The scrum meeting is a quick check on planned items, work-completed, work-in-progress on that day/week, bottlenecks, backlogs, and upcoming work.
Each member is given 2-3 minutes for a quick recall before moving on to the next person.
A scrum ensures that you meet the commitment points while allowing teams and members to work independently once the meeting is over.
Enable Cross-team Collaboration With Tech-stack
Enabling the various teams involved in the final sprint development ensures streamlined product roadmap delivery.
Since agile works on the philosophy of individual ownership of work, collaboration will be vital to ensuring output quality.
Teams mainly work remotely in the post-covid lockdown world, and having the right technology stack has become necessary.
Companies today can choose point solutions for collaboration and task management solutions or can aim for more extensive product management software.
Use Visual Aids for Roadmapping and Progress Management
Visual boards such as Kanban and Scrum boards may be physical or digital for product roadmapping.
It ensures team alignment on tasks, in-progress, and backlogs.
Kanban board can accelerate how you use your product roadmap software.
To understand more about our Kanban functionalities, request a demo session right away.
Humans are proven to be driven by visuals, and having a visual chart that maps the plan and progress brings immense clarity.
Since most employees work remotely, a physical board may no longer suffice, even for small teams.
Product managers need to prioritize acquiring the right technology tool for their team.
What Are the Steps Included in Agile Methodology?
The agile methodology is a process for software development that enables teams to respond quickly to changes in customer requirements.
It is an iterative and incremental process that allows for the continuous delivery of working software.
It is a lightweight process that allows rapid response to change and customer feedback. The agile methodology has been in practice for over two decades, with many different flavors.
The agile methodology relies on frameworks and practices that utilize early and continuous delivery of incremental product features to customers.
Agile encourages flexible responses to changes in market needs to ensure the value of the developed products and services.
This software development method focuses on producing an early, continuously evolving product that delivers business value through customer feedback.
The agile methodology has five steps:
- Planning: In the planning phase, the agile team selects the overall product vision, decides what to build next, and when, and estimates the development cost.
- Design: The design phase plans how to build the requirements into a product where you break down the product using a backlog technique. The breaking down identifies how you plan to organize and develop the product.
- Development: The development phase becomes a repetition of specific tasks until you complete the project. These include gathering requirements, designing individual components, coding, unit testing, integration, and acceptance testing.
- Testing: This phase involves the designers, client testing, and prototype analysis. The testing phase usually occurs before the programming phase but can occur with continuous feedback during development. You should test in a natural environment to be valuable. As changes occur, you need to determine if they are significant enough. It will compel you to scrap what you have and start over.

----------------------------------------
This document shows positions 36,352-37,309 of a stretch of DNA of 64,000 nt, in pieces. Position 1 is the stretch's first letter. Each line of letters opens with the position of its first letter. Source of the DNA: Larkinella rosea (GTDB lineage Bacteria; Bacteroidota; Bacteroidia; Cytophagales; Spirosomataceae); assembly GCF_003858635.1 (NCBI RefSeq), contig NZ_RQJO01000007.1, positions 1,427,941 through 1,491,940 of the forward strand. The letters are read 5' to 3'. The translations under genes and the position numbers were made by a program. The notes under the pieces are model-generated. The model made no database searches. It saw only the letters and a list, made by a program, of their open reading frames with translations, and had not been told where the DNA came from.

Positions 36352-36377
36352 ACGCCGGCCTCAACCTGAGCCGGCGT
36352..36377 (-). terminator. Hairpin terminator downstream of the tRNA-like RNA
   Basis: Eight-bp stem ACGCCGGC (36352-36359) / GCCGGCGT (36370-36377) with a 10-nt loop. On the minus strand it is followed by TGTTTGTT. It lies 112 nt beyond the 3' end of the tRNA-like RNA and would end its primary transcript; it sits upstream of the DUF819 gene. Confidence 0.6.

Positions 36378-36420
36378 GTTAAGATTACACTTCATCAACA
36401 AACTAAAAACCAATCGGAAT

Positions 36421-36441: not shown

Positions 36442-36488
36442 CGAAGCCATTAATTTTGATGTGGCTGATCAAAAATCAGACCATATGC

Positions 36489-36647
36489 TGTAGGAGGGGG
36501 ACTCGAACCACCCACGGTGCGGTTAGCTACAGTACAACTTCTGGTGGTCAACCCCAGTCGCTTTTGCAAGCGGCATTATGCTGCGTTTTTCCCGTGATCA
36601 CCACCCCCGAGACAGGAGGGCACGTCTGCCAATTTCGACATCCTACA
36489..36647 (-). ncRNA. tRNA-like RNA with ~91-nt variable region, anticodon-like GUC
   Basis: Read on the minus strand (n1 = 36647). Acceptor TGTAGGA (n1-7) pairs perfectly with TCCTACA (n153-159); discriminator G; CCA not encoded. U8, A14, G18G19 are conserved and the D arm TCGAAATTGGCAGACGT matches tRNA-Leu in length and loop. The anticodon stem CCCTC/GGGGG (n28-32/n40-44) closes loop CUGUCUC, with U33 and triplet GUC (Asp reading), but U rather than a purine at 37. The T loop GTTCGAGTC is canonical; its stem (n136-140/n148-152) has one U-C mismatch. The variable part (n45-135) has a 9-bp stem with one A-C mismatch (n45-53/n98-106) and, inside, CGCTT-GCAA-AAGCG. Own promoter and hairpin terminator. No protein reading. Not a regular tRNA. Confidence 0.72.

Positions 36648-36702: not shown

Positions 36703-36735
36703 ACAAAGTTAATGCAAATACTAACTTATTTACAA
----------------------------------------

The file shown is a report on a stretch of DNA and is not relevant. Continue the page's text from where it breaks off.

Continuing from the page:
- Release: This is the last stage of the agile methodology. It is very significant. Ideally, it should be early and often. Put your product in the hands of users to receive feedback and make improvements. Think of each release as one step forward in the path of continuous improvement.
The steps are repeated as necessary until you complete the project.
How Should Companies Incorporate Agile Methodology Into Their Initiatives?
The agile methodology is an iterative and incremental software development process that allows for the rapid delivery of high-quality software.
The outline of the first agile methodology was in the Agile Manifesto in 2001.
‘Should agile methodology be capitalized?’ was one of the popular questions before the Agile Manifesto. This outline marked capitalizing on the methodology. It highlighted four fundamental values:
- Individuals and interactions over processes and tools.
- Working software over comprehensive documentation.
- Customer collaboration over contract negotiation.
- Responding to change over following a plan.
Since its inception, software developers have widely adopted the agile methodology. They have begun using it in other industries, such as marketing and product management.
Here are a few additional steps that companies can take to incorporate agile into their initiatives:
- Use sprints to prioritize and manage tasks.
- Allow for regular feedback and course corrections.
- Encourage collaboration among team members.
What Are the Advantages of Agile Methodology?
The agile methodology has numerous benefits. There have been many developments to this methodology over the years. All of the alterations have only made it better.
Now let’s understand the advantages in detail.
- It’s an adaptive approach popular in fast-paced industries, such as software development, product design, and marketing.
- The agile methodology, called sprints, aims to deliver working software incrementally in short cycles. It lets stakeholders see the project’s progress and provide feedback early and often.
- The agile methodology is an iterative software development process that enables teams to respond to change quickly. It has been gaining popularity over the past few years as businesses have shifted to a more agile way of working.
- The main advantage of the agile methodology is that it allows businesses to be more flexible and adaptable. The fast pace of change in today’s world means that companies need to be able to respond quickly to new opportunities and challenges. The agile methodology enables them to do just that.
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What Are the Disadvantages of Agile Methodology?
The agile methodology has become the most popular product management methodology globally.
It works the best if implemented with a product roadmap software or a product manager tool.
However, it has its set of shortcomings.
Some of the main disadvantages of agile include the following:
- The agile methodology can be disruptive to traditional management structures and working methods. Since agile methods depend on incremental and iterative change, teams can often be chaotic. They try to implement new changes, leading to frustration and conflict among team members.
- The agile methodology can be very demanding on team members, who often have to work long hours and weekends.
- The agile methodology can disrupt company culture, as it often favors a more flexible, less bureaucratic way of working.
- Agile methodology can be overwhelming for team members unfamiliar with it.